There’s nothing quite like the buzz of the playoffs. It’s what all hockey fans wait for all season long. The emotions, the ups and downs and the intensity is all about to get ramped up past 100%. However, there’s one storyline and one city where the excitement will be even greater. For the first time since a 4-1 defeat to the Detroit Red Wings on April 28, playoff hockey will be played in Manitoba.
That game was played with the knowledge that the team was headed to Phoenix. A desperate effort helped the team earn a 3-1 victory at Detroit to take the series to six games and guarantee at least one more contest at the Winnipeg Arena. A passionate fan base was denied an NHL team in an era when small markets were struggling to survive.
Manitoba is still a small market and the MTS Centre seats less than 16,000 people, but this is a passionate fan base. Since returning to the NHL for the 2011-12 season, Winnipeg’s home crowd has been known as one of the loudest.
They haven’t had all that much to root for as the Jets struggled to establish themselves during their first three seasons. They finished ninth in the Eastern conference in 2012-13 during the lockout-shortened season, but appeared to regress finishing significantly adrift from the playoff places last year.
The Jets looked stuck in a perpetual rebuild that wasn’t getting anywhere. Frustrations reached enough of a peak for General Manager Kevin Cheveldayoff to take one of the biggest decisions he had taken to that point by removing Claude Noel 47 games into the 2013-14 season. Experienced NHL coach Paul Maurice took his place and was charged with the responsibility of leading a young core to the postseason.
Maurice has succeeded. Playing in a tough Central division that includes St Louis, Chicago, Nashville and Minnesota, Winnipeg spent most of the season in playoff position before eventually holding off the Los Angeles Kings/Calgary Flames for the final Wildcard spot.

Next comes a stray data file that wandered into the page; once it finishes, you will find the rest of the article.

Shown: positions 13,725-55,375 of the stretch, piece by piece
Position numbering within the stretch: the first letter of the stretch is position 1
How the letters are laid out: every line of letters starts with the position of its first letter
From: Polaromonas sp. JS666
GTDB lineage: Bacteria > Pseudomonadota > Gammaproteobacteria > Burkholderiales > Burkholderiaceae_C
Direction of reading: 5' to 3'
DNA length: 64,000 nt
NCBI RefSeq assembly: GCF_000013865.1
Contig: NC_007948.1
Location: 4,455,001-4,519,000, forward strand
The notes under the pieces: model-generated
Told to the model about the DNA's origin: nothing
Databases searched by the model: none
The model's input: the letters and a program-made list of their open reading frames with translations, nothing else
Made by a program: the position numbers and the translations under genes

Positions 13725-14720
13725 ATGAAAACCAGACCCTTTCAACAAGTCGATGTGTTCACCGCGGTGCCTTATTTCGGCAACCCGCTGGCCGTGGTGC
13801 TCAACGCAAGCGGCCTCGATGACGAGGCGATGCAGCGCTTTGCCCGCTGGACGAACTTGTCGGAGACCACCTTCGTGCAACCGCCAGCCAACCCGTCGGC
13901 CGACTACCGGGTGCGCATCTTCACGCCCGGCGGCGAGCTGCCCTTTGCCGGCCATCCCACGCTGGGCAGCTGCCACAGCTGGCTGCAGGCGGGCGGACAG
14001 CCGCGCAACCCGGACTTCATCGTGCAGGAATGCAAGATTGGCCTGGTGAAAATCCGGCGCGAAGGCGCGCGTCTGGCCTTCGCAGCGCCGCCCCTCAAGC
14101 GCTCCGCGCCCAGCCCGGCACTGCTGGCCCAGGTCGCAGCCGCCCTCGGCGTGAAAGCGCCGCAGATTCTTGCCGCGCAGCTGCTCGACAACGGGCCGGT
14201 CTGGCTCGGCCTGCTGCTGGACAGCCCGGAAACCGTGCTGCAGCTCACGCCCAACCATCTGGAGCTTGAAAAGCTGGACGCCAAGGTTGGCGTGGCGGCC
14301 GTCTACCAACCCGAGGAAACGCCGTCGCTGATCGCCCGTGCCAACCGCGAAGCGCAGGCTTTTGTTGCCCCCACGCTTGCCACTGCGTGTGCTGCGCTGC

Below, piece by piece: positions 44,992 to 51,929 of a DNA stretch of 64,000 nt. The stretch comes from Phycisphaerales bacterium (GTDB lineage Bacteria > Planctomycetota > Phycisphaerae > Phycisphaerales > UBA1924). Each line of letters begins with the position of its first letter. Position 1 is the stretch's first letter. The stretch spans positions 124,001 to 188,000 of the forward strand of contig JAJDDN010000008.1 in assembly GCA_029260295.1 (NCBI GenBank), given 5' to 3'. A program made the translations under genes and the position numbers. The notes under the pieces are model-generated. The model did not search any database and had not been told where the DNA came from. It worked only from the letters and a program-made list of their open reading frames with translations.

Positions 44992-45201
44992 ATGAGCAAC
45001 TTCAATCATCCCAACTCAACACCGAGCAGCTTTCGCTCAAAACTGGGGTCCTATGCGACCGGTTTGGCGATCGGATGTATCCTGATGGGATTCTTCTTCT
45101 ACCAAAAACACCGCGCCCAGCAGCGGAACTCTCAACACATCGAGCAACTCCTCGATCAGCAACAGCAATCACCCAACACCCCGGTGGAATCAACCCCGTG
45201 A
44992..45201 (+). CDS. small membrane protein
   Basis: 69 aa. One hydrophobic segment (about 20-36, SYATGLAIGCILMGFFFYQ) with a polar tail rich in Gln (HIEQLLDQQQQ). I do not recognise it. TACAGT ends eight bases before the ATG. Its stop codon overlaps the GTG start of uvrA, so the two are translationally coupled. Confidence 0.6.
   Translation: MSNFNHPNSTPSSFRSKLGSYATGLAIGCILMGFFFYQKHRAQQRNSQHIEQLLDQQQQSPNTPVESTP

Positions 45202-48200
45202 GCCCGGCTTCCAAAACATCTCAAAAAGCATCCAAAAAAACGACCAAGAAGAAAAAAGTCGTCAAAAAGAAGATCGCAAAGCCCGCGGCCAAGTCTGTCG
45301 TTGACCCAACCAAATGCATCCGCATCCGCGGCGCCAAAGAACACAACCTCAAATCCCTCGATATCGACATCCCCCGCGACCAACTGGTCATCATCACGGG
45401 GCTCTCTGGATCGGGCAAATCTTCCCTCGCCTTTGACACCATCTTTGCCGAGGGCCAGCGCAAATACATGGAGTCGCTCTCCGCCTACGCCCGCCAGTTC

They’ve done it without excelling in any one statistical category. They are a middle of the road team in terms of goals scored and goals conceded and their special teams are actually below average in terms of success rates.
However, the Jets have excelled at limiting the penalties they take and at locking teams down 5-on-5 – they finished with the eighth best GF-GA record in 5-on-5 play in the NHL last season.
More than that, Maurice’s team consistently found an extra gear. They got goals at important times, won some of their biggest games and were able to lean on goaltending tandem Ondrej Pavelec and Michael Hutchinson.
The Jets were instantly rooted for upon entering the league and over the last three seasons, this roster has arguably become even more likeable. Andrew Ladd, a hockey player through and through, leads them and there was no place on the roster for the dramas on and off the ice that followed Evander Kane.
Instead, Winnipeg depends upon a solid defensive structure and scoring-by-committee combined with speed and physicality throughout the lineup. Their tenacity is hard not to like and there will be few neutral fans supporting the Anaheim Ducks in their first round playoff series.
The Ducks are Winnipeg’s reward for reaching the postseason. A team coming off a third consecutive division title and a team that expects to make a serious run at the Stanley Cup. The superstars in the series all play for Anaheim – Ryan Getzlaf, Corey Perry, Ryan Kesler – but when they travel to Manitoba on April 20, these Ducks will be a side-story to the main event. They will become a part of a different kind of history.
A lot goes into assessing the market viability of a franchise. However, even in the salary cap era, making the playoffs and being regularly competitive is still the ultimate elixir for boosting your franchise. It played a big role in the league’s decision to works towards greater parity and it was pretty clear in the regular season finale, a 5-1 thrashing of the Calgary Flames on Saturday, that hockey supporters in Manitoba had been re-invigorated by their team’s recent success.
Of course, every fairytale has to have an ending. This one’s ending is likely to be in five or six games against a deeper and playoff tested opponent. We hope that fans will get a Game 6 and a third home playoff matchup.
Still, Maurice and Cheveldayoff aren’t ultimately paid to write fairytales. They’ll know that however long this postseason run lasts, reaching the playoffs is a critical step in the building and development of this franchise – a necessary step towards the ultimate goal of winning a Stanley Cup. That’s something that even the older Winnipeg fans will never have experienced.
On Monday April 20, Winnipeg and hockey fans alike can enjoy an event that few will be remiss to see. Playoff hockey is coming back to Manitoba.